Routine vaccinations for dogs

Just like we talked about the importance of giving routine vaccines to keep your cats healthy, it is just as important to give routine vaccines to your dogs to keep them healthy. Dogs get different vaccines than cats – here are the most common vaccinations we give to dogs.

dog vaccines

  1. Rabies. Rabies vaccinations are required by law for all cats, dogs, and ferrets. A booster for the rabies vaccine should be given every year. Rabies causes severe neurological (brain) disease. Any dog that is suspected to have rabies must be quarantined, at a minimum. If the dog has bitten someone, and does not have a record of a current rabies vaccine, it must be euthanized and tested for rabies. (There is no way to test for rabies in a live animal.)
  2. DHPP. This vaccine, similar to the FVRCPC vaccine for cats, protects against four different diseases at the same time – distemper (D), hepatitis (H), parvovirus (P), and parainfluenza (P). All these diseases can be very serious, even fatal. The vaccine is excellent in protecting against each of them, when given correctly. Distemper causes severe neurologic disease. Hepatitis causes severe liver disease. Parvovirus causes severe gastrointestinal (stomach and intestines) disease that is typically seen as severe diarrhea and vomiting. Parainfluenza can cause upper respiratory (eyes, nose, mouth, sinuses, and throat) and lower respiratory (lungs) infections.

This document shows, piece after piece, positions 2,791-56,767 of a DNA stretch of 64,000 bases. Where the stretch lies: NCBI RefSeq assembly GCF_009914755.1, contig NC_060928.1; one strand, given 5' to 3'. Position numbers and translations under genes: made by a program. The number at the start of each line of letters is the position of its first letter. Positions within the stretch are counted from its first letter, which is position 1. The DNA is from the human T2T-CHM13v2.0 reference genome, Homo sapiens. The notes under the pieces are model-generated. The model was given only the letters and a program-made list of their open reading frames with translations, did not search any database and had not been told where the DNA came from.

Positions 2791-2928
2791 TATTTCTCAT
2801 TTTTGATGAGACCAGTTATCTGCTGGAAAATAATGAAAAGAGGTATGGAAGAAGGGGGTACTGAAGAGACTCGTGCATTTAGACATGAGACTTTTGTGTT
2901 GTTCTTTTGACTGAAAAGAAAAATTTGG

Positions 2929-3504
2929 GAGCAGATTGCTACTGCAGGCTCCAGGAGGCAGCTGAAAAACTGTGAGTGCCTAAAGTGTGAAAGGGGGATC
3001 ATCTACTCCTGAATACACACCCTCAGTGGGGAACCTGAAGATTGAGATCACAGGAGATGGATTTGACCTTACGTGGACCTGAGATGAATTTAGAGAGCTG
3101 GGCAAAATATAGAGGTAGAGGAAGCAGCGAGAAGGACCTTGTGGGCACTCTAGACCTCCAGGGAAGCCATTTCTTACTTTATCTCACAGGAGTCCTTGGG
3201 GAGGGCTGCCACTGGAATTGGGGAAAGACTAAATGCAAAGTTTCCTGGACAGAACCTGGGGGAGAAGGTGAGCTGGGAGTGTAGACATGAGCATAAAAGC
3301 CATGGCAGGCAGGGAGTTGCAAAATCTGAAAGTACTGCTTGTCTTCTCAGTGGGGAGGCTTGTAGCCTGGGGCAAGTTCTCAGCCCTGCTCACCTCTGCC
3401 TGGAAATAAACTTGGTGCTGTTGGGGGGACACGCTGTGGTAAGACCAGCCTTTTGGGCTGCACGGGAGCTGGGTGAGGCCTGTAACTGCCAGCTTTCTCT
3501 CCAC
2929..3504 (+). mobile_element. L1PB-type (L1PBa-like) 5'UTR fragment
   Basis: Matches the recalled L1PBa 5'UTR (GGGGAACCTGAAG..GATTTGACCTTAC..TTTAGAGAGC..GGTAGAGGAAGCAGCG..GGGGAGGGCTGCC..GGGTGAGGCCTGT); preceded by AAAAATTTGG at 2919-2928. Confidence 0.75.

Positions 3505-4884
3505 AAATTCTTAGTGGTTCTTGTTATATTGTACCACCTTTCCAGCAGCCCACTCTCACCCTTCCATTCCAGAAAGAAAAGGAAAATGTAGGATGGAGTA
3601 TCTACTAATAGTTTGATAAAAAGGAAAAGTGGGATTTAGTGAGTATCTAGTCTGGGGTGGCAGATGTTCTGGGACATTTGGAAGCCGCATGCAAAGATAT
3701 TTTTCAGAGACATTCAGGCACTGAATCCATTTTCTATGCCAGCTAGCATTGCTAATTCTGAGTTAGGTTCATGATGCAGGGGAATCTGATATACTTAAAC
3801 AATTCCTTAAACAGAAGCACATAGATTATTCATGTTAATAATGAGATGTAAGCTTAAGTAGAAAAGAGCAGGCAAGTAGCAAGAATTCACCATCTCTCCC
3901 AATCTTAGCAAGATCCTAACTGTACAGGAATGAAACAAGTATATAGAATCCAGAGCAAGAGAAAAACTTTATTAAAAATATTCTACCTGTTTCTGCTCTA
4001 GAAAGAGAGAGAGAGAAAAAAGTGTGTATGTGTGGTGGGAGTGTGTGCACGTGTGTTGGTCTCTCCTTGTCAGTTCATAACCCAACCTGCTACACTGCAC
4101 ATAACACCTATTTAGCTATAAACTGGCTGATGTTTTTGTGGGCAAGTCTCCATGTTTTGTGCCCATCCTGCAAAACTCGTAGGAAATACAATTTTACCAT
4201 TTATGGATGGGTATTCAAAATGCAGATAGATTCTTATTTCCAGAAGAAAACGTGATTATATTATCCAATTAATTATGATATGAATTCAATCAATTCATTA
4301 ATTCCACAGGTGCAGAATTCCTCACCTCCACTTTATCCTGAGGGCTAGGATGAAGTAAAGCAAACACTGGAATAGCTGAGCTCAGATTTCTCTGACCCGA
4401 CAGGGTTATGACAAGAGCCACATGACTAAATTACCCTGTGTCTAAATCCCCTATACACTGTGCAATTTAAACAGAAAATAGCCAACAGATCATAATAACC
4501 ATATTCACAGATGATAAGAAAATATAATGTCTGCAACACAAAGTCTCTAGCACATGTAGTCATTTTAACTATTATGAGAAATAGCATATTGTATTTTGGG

3. Bordatella. Bordatella is also knows as kennel cough. This is a very contagious virus that can cause a persistent cough in dogs. Most boarding or grooming facilities will require that your dog is current on his bordatella vaccine. It is a good idea to vaccinate for bordatella if your dog goes anywhere that he has the chance of meeting other dogs, even for a walk in the dog park.
  4. Leptospirosis. The vaccination for leptospirosis is optional, but is highly recommended. We strongly recommend this vaccine for any dog that spends a large amount of time outside, such as farm or hunting dogs. Leptospira bacteria can live for a long time in the environment, so it is a good idea for any dog to be vaccinated.

There are a few other vaccines that may be given in special circumstances, but these are the four “routine” vaccines that we give to dogs.

Puppies should get their first DHPP, bordatella, and leptospirosis vaccines when they are around 6 weeks old. They will need booster vaccines every 4 weeks until they are 4 months old. The rabies vaccine should be given once when the puppy is between 3-4 months old. After the last booster vaccine, they will need vaccines every year.

Is your dog up-to-date on his vaccines? Call us or come in to find out!


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